Not all Alaska's foster children will need state help when they turn 19 and can strike out on their own. Many, however, do. And strike out is exactly what some of them do without that help.
That's why House Bill 126, sponsored by Rep. Les Gara, aims to give those just coming out of foster care a better chance at success.
Gara's bill would:
Extend housing assistance to nine months from the current three months after a foster child leaves his or her foster family or other state care.
Add more tuition and job training vouchers for continued education.
Add room and board assistance so children coming out of foster care or other state care like residential treatment can go to school. This help would fill the gap left by any state, federal or private aid the student receives.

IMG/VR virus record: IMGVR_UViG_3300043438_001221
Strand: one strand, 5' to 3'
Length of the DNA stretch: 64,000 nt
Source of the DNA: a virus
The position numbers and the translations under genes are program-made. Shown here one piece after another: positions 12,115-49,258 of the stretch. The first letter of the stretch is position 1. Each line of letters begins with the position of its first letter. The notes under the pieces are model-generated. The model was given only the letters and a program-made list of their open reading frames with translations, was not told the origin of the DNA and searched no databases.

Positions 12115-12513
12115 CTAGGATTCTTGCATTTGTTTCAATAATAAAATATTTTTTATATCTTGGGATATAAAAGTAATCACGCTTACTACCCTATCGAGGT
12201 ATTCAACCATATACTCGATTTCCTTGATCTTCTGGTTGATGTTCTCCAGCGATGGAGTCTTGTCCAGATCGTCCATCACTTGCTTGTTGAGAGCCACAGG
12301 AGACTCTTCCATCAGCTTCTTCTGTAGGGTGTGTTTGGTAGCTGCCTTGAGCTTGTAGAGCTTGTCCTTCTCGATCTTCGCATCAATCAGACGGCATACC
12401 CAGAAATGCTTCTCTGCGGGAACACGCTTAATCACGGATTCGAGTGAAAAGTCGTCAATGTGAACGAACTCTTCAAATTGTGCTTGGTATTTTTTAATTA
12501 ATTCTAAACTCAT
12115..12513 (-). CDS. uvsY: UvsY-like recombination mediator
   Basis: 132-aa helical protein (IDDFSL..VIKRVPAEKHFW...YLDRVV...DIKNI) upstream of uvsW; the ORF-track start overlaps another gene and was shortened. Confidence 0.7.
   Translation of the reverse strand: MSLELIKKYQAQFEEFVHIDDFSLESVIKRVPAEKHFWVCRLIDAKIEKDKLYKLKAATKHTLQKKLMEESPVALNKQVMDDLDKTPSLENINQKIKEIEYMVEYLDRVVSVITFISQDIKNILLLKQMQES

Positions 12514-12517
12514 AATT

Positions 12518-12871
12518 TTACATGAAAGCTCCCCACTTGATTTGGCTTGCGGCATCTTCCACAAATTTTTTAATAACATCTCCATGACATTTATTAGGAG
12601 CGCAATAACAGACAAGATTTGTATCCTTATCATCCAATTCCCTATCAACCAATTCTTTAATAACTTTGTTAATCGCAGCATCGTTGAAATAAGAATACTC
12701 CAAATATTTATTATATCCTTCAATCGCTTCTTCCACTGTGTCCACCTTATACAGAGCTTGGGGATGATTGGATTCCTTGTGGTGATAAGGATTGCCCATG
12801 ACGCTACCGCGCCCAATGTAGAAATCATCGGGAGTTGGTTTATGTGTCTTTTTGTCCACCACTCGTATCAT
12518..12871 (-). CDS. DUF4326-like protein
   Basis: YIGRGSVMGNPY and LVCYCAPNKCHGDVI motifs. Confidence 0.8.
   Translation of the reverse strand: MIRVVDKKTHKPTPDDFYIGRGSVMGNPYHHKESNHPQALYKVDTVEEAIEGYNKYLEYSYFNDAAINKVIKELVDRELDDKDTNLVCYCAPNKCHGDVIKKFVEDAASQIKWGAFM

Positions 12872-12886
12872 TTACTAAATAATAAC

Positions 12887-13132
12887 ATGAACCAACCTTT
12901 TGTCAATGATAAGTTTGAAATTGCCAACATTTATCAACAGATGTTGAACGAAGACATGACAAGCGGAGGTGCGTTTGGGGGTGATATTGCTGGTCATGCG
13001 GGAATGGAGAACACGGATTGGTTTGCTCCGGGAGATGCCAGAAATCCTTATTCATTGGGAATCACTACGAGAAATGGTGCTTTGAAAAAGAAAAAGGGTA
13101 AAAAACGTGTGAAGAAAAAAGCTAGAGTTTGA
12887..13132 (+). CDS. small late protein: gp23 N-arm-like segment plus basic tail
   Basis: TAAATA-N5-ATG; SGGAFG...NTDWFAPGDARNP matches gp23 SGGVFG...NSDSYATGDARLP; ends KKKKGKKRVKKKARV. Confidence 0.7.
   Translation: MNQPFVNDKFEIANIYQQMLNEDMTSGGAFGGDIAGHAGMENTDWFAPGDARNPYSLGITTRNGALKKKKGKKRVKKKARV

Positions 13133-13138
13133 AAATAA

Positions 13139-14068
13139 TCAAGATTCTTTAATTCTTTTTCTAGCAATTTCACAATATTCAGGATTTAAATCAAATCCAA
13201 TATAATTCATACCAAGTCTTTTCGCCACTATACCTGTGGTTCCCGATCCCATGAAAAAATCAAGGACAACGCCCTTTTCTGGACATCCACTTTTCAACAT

Provide money to extend foster care to willing families and foster kids up to the age of 21. Federal money will provide 25 percent of such extended care costs, and keep fostered Alaskans in good family situations longer.
Gara's bill also makes two other improvements that will help foster children. The Office of Children's Services would have to make monthly, face-to-face visits with the children it supervises. And foster children who are moved from one home to another would be kept in their original school at least until the end of that school year. Changing schools is one more disruption for foster children, making an already tough young life tougher. Sticking with classmates and teachers gives them at least some anchor.
These are simple fixes that don't cost much - between $2 million and $3 million in fiscal year 2010.
Foster care can be a rugged road, and age 19 is no magic number for the kids on that road. About 40 percent of young Alaskans coming out of foster care are homeless at some point, according to Rep. Gara. This bill aims to cut that number down.